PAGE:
Sentinus Science Fair goes off with a ‘Big Bang’

Pictured at the recent 'Sentinus Big Bang' exhibition at the Braid is Bill Connor, Sentinus CEO and Mayor of Mid and East Antrim Paul Reid with Ballymena Academy pupils Timothy Day and Anisia Tiplea. Their project, in partnership with Wrightbus, involved the design of an automated guided vehicle.'Picture: Philip Magowan / PressEye
Pictured at the recent 'Sentinus Big Bang' exhibition at the Braid is Bill Connor, Sentinus CEO and Mayor of Mid and East Antrim Paul Reid with Ballymena Academy pupils Timothy Day and Anisia Tiplea. Their project, in partnership with Wrightbus, involved the design of an automated guided vehicle.'Picture: Philip Magowan / PressEye

Young scientists from schools across Northern Ireland made a bee-line for Ballymena’s Braid Centre recently to catch the ‘Sentinus Big Bang’ exhibition.

The event gave them the chance to showcase their solutions for real world business problems, developed in partnership with a range of local businesses.

Young science enthusiasts from across NI attended the 'Sentinus Big Bang' exhibition at the Braid to showcase their solutions for real world business problems, developed in partnership with a range of local businesses. Bill Connor, Sentinus CEO and Mayor Paul Reid are pictured with St. Patrick's College pupil Augusteena Augustine.'Picture: Philip Magowan / PressEye

Young science enthusiasts from across NI attended the 'Sentinus Big Bang' exhibition at the Braid to showcase their solutions for real world business problems, developed in partnership with a range of local businesses. Bill Connor, Sentinus CEO and Mayor Paul Reid are pictured with St. Patrick's College pupil Augusteena Augustine.'Picture: Philip Magowan / PressEye

Students came together to showcase their innovative projects in Science, Technology, Engineering and Maths (STEM). Incorporating the Sentinus Team R&D and STEM Design Challenge programmes, the exhibition of innovative and exciting project work was the result of student research carried out alongside industry partners to deliver state-of-the-art solutions to current real-world problems the businesses currently face.

They included an interactive model to allow NIE to demonstrate their role in the distribution of electricity, an automated guided vehicle for Wrightbus and a pressure sensor calibrator for electrical engineering company Camlin.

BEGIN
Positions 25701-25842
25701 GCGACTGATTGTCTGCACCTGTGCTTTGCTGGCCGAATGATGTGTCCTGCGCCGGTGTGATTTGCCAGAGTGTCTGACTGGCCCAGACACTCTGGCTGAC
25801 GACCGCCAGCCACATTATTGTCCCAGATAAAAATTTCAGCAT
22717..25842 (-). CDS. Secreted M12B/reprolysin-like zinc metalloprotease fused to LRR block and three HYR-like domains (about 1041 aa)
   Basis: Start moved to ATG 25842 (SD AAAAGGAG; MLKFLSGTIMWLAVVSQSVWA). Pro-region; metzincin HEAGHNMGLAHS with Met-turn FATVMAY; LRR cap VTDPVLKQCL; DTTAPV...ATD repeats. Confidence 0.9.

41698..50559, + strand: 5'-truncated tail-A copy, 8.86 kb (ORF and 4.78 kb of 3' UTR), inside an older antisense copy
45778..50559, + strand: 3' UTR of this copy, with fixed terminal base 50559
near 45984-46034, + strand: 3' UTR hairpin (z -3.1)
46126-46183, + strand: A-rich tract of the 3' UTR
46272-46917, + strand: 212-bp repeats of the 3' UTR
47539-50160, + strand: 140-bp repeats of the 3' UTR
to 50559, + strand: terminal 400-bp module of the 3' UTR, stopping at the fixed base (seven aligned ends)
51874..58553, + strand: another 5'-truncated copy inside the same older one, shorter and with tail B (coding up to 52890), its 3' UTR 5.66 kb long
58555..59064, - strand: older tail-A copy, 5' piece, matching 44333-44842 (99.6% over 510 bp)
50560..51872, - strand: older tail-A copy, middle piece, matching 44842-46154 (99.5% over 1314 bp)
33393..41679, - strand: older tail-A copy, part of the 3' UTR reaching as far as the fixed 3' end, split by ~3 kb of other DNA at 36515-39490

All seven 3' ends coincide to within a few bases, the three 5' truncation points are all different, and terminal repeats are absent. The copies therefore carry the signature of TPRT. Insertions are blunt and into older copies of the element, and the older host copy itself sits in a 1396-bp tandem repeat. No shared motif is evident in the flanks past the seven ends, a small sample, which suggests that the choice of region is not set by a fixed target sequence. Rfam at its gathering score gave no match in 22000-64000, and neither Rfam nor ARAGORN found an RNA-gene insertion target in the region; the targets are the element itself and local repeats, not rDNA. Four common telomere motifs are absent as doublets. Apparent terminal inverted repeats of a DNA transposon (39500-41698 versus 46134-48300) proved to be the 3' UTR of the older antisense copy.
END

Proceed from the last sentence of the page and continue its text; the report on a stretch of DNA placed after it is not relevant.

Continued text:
Sentinus is an educational charity working with schools and colleges across Northern Ireland to deliver programmes that promote engagement in STEM and currently support the development of over 50,000 young people a year by enhancing their life skills.

On the day projects were presented to and assessed by a panel of industry experts, with the science fair acting as a warm up to the ‘Young Innovators’ event in June and helping to promote interest and engagement in STEM subjects.

Bill Connor, Sentinus CEO, said: “We were delighted to host another successful Big Bang Fair and the event really brings these STEM subjects to life for the pupils. We aim to provide as many opportunities as possible for young people to extend their learning beyond the classroom and we hope the exhibits and activities will encourage people of all ages and develop their interest. Ensuring school children are equipped with adequate knowledge of careers in STEM and entrusting them with solving STEM focused problems will inspire and prepare pupils for a future career.”

Mayor of Mid and East Antrim, Councillor Paul Reid said: “This was a superb event which brought vital STEM subjects to life for the young people involved. All the exhibits were brilliantly presented and educated the pupils and students in fun and exciting ways. The skills which they learn in science and technology – problem solving, creative thinking, communication, team work, analytical skills – are sought after by all employers, so the STEM subjects give young people a really good basis to build a career on. The young people had a brilliant time and I am in no doubt they left Ballymena having been inspired by many of the events and exhibitions. I want to thank all of those involved in delivering what was such a forward-looking exhibition.”

The event, supported by the Department of Education and Mid and East Antrim Borough Council was part of the UK wide ‘Big Bang Near Me’ programme – the largest celebration of STEM for young people in the UK. With events taking place throughout the UK, the aim is to celebrate the world of science and show young people just how exciting a career in STEM can be.